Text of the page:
Haass document needs clear response says Gerry Adams
Stormont's parties must be clear in their response to proposals about contentious issues, Sinn Féin President Gerry Adams has said.
Months of negotiations about parades, flags and the legacy of the Troubles ended with no deal on proposals drawn up by US diplomat Richard Haass.
Sinn Féin's talks team will recommend that its party executive endorses the document when it meets on 11 January.
Mr Adams said the other parties "should not fudge their response".
He said the British and Irish governments and the parties must "grasp the opportunity that now exists to resolve outstanding issues".
'Give and take'
"Sinn Féin would like to have seen some aspects of the proposed agreement strengthened and improved further," he said.
"More work is required on parity of esteem, equality and respect for all cultures and identities. However agreement on everything was not possible.
"Negotiation is about give and take; it's about making concessions and accepting that there can be no outright winners."
On Thursday night, the the SDLP formally endorsed the Haass proposals.
Party leader Alasdair McDonnell said he was optimistic the stumbling blocks could be overcome.
He said he was writing to the Office of the First and Deputy First Minister "demanding" that they set about establishing a "five-party group that will work on the issues that were raised there, that will work on completing the work that was done".
He added: "We believe there is much to be gained... but there is still a bit of work to be done.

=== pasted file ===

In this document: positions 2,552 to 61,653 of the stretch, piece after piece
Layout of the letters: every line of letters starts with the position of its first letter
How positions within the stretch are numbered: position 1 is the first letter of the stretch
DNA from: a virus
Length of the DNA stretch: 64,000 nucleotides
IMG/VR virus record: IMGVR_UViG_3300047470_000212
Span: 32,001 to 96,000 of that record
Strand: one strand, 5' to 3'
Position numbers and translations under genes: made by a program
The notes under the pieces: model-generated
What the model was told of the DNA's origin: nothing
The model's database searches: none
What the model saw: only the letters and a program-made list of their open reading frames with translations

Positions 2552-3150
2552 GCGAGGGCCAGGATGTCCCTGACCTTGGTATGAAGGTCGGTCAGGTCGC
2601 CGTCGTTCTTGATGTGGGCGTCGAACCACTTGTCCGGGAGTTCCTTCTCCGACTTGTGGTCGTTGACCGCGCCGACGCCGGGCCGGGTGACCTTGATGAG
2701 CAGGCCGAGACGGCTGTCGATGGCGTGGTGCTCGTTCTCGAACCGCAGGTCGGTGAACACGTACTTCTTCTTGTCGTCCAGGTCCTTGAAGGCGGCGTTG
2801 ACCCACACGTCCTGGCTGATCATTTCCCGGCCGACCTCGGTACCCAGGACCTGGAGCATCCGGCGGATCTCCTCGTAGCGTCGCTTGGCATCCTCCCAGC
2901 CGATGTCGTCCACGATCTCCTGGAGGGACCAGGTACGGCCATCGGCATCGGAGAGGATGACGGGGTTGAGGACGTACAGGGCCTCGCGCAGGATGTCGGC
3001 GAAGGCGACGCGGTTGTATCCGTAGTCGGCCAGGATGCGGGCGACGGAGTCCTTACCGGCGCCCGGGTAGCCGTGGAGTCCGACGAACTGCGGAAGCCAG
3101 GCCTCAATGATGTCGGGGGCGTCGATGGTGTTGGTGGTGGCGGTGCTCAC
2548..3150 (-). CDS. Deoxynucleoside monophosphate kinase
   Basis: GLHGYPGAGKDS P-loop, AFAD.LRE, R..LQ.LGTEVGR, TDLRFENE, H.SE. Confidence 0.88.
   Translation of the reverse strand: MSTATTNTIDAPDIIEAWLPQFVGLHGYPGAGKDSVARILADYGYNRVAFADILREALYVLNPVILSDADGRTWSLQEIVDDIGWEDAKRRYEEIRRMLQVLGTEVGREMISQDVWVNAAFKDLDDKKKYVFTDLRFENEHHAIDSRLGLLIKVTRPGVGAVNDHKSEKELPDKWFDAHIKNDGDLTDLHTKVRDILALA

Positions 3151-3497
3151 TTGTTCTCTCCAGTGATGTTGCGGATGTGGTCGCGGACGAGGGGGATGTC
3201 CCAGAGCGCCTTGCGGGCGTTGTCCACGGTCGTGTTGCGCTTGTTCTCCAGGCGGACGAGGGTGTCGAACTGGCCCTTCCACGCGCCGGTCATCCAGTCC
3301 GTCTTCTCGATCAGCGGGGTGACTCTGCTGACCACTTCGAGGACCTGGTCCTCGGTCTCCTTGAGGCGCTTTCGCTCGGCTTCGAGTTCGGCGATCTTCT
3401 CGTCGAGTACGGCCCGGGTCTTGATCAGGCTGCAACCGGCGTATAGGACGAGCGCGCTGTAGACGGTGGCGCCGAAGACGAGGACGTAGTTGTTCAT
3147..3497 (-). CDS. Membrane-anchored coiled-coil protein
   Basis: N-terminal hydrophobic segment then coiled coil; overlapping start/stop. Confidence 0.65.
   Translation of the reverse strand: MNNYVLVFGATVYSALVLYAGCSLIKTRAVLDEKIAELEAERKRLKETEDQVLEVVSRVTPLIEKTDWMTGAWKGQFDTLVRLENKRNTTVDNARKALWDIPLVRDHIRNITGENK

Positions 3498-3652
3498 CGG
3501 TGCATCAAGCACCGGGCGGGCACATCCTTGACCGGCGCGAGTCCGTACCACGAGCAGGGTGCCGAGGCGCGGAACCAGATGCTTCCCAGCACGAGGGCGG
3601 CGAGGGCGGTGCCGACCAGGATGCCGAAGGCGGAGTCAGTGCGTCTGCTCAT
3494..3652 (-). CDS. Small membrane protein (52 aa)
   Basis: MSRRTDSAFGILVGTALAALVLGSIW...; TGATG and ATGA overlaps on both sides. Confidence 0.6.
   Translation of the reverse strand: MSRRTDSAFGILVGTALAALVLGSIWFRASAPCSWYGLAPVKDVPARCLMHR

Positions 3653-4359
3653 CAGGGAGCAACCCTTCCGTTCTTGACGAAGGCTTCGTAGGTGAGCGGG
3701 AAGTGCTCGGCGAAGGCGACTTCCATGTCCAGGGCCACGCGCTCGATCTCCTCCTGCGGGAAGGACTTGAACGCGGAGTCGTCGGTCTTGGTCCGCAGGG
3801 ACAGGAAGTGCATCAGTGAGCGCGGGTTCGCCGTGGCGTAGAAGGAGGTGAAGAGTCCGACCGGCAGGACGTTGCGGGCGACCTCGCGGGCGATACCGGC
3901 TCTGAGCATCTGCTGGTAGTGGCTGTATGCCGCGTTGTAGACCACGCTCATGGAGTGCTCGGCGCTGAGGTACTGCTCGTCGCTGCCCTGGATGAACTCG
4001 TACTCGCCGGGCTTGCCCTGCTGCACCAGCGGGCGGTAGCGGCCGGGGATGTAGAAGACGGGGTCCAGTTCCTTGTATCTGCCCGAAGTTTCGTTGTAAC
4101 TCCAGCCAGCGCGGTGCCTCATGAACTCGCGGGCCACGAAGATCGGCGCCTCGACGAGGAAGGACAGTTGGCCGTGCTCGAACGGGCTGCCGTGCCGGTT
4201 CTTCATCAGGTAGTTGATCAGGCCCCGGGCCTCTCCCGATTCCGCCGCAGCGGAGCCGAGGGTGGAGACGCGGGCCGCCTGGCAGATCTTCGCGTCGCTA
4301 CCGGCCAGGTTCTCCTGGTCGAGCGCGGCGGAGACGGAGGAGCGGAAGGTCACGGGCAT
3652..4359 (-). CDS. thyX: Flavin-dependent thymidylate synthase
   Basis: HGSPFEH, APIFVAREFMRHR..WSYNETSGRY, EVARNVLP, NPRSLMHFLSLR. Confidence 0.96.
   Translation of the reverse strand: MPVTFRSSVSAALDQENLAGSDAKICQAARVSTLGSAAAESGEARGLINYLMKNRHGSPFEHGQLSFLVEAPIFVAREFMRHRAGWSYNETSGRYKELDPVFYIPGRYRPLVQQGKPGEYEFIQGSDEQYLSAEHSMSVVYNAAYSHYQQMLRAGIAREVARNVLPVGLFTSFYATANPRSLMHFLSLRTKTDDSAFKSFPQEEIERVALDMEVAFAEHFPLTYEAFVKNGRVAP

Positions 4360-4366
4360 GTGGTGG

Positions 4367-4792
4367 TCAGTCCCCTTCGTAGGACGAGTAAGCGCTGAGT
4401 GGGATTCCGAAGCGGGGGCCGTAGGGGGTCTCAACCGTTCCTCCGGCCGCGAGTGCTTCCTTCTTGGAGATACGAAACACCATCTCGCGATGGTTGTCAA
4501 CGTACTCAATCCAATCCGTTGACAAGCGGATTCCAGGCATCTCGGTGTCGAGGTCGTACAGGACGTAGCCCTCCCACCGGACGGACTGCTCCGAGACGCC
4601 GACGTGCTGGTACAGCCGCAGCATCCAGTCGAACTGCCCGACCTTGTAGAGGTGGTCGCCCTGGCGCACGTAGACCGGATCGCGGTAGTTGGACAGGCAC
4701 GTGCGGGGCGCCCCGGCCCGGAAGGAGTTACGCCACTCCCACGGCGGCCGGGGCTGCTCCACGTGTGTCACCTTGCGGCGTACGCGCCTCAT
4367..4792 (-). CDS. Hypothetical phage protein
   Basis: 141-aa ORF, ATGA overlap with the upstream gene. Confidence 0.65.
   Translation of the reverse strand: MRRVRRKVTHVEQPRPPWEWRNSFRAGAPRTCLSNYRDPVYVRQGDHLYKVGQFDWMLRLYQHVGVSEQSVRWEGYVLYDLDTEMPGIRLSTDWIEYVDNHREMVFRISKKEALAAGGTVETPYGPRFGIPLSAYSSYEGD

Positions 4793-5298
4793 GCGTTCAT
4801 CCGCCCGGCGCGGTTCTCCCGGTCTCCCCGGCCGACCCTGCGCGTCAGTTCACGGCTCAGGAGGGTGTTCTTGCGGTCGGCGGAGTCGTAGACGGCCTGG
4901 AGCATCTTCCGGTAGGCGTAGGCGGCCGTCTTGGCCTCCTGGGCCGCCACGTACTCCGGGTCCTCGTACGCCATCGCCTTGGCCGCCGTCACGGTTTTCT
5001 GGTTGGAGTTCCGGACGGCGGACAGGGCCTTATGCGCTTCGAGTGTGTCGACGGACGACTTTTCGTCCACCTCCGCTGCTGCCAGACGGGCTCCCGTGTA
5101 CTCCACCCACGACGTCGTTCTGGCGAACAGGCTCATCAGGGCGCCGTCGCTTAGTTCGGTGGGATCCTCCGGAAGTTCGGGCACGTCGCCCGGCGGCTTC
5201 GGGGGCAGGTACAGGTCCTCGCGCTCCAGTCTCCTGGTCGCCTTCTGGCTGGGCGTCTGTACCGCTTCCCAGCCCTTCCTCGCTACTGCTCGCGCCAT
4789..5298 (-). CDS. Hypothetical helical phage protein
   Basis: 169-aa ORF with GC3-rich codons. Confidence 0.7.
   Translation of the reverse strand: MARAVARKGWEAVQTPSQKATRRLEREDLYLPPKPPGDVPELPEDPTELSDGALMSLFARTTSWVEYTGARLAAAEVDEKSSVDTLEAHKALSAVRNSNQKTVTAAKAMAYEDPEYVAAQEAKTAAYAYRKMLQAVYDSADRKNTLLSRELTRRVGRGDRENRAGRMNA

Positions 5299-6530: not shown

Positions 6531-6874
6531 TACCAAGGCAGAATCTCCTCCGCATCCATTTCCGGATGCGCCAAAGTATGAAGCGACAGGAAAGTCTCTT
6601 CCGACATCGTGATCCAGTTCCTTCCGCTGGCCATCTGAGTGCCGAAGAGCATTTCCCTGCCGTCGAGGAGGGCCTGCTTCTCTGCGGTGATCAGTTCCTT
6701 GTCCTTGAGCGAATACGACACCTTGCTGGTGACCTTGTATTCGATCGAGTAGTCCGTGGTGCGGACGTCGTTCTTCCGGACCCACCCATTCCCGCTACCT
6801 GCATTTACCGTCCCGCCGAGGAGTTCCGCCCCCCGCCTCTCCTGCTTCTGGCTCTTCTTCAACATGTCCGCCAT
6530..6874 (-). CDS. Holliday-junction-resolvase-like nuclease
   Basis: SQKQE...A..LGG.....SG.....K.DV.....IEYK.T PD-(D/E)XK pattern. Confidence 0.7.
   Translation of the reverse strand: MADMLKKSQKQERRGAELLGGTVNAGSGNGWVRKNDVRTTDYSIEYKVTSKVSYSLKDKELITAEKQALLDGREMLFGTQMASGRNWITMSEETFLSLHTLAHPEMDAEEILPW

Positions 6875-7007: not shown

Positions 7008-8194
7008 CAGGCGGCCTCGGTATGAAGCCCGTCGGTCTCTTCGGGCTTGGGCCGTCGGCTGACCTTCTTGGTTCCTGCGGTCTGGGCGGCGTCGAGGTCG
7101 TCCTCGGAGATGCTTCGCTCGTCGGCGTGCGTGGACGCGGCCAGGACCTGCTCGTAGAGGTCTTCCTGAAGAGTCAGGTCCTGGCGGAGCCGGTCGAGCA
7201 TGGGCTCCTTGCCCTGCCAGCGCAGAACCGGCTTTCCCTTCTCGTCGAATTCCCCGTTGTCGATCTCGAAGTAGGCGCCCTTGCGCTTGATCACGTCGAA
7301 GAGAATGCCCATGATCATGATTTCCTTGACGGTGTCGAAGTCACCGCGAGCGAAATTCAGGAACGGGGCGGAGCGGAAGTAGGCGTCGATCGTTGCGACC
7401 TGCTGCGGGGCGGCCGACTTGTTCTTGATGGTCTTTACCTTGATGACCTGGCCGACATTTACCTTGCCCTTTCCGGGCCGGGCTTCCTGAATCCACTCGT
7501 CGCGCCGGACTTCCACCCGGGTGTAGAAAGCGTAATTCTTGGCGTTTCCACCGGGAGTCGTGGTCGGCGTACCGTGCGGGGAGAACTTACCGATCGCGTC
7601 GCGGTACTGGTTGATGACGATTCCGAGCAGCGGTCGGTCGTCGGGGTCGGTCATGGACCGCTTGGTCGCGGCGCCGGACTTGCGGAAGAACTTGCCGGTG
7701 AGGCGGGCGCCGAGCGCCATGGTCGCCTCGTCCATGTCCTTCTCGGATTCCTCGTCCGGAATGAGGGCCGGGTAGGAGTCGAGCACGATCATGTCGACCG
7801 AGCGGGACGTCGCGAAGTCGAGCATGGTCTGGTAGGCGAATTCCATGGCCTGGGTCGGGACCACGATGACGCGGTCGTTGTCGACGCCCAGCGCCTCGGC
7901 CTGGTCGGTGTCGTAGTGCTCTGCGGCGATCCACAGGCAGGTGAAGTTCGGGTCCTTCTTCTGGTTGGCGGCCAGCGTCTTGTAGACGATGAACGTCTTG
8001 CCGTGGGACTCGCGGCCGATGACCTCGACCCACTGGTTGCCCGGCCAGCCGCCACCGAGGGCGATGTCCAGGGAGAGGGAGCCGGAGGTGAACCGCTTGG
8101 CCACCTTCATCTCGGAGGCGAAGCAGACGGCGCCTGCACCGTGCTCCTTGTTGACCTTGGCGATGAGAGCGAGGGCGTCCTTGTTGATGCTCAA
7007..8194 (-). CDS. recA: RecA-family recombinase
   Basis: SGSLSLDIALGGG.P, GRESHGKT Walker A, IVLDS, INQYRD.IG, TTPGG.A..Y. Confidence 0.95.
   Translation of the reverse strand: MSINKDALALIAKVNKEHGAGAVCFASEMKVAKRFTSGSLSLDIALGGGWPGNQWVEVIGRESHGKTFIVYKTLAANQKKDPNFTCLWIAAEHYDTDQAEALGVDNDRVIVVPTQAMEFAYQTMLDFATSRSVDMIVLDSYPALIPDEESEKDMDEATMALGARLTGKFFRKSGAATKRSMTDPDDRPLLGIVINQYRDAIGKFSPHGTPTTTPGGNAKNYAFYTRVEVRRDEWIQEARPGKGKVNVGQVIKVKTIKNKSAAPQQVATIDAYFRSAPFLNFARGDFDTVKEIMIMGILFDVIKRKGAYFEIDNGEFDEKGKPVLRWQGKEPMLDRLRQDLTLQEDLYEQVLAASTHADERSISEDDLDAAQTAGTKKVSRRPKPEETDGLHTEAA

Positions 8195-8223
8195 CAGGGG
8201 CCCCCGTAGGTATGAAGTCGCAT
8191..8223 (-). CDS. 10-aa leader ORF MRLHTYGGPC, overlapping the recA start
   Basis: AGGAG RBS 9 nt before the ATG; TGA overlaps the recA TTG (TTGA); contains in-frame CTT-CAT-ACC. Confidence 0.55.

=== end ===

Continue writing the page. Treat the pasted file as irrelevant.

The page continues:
"Richard Haass certainly created the space for us to get the resolution of those outstanding issues."
The Ulster Unionist Party's ruling executive is to be briefed by its talks team on Monday.
Ulster Unionist leader Mike Nesbitt said the party would "reach a decision on the way forward" at that stage.
"However, this was an initiative from Peter Robinson and Martin McGuinness, and it falls to them to outline how they see this process moving forward," he added.
Mr Nesbitt said the "major problem with getting the process back on track is that the Alliance Party cherry-picked the final document, something entirely against the spirit of what Dr Haass requested".
DUP leader Peter Robinson said on Wednesday that the momentum from the Haass talks should not be lost and he would support Dr Haass's suggestion that a cross-party working group should be created to assess how to move things forward.
Dr Haass, who was brought to Northern Ireland with co-chair Prof Meghan O'Sullivan in July by the first and deputy first ministers, said that while a final agreement had not been reached by the New Year's Eve deadline, "significant progress" had been made and there was a "basis" for change.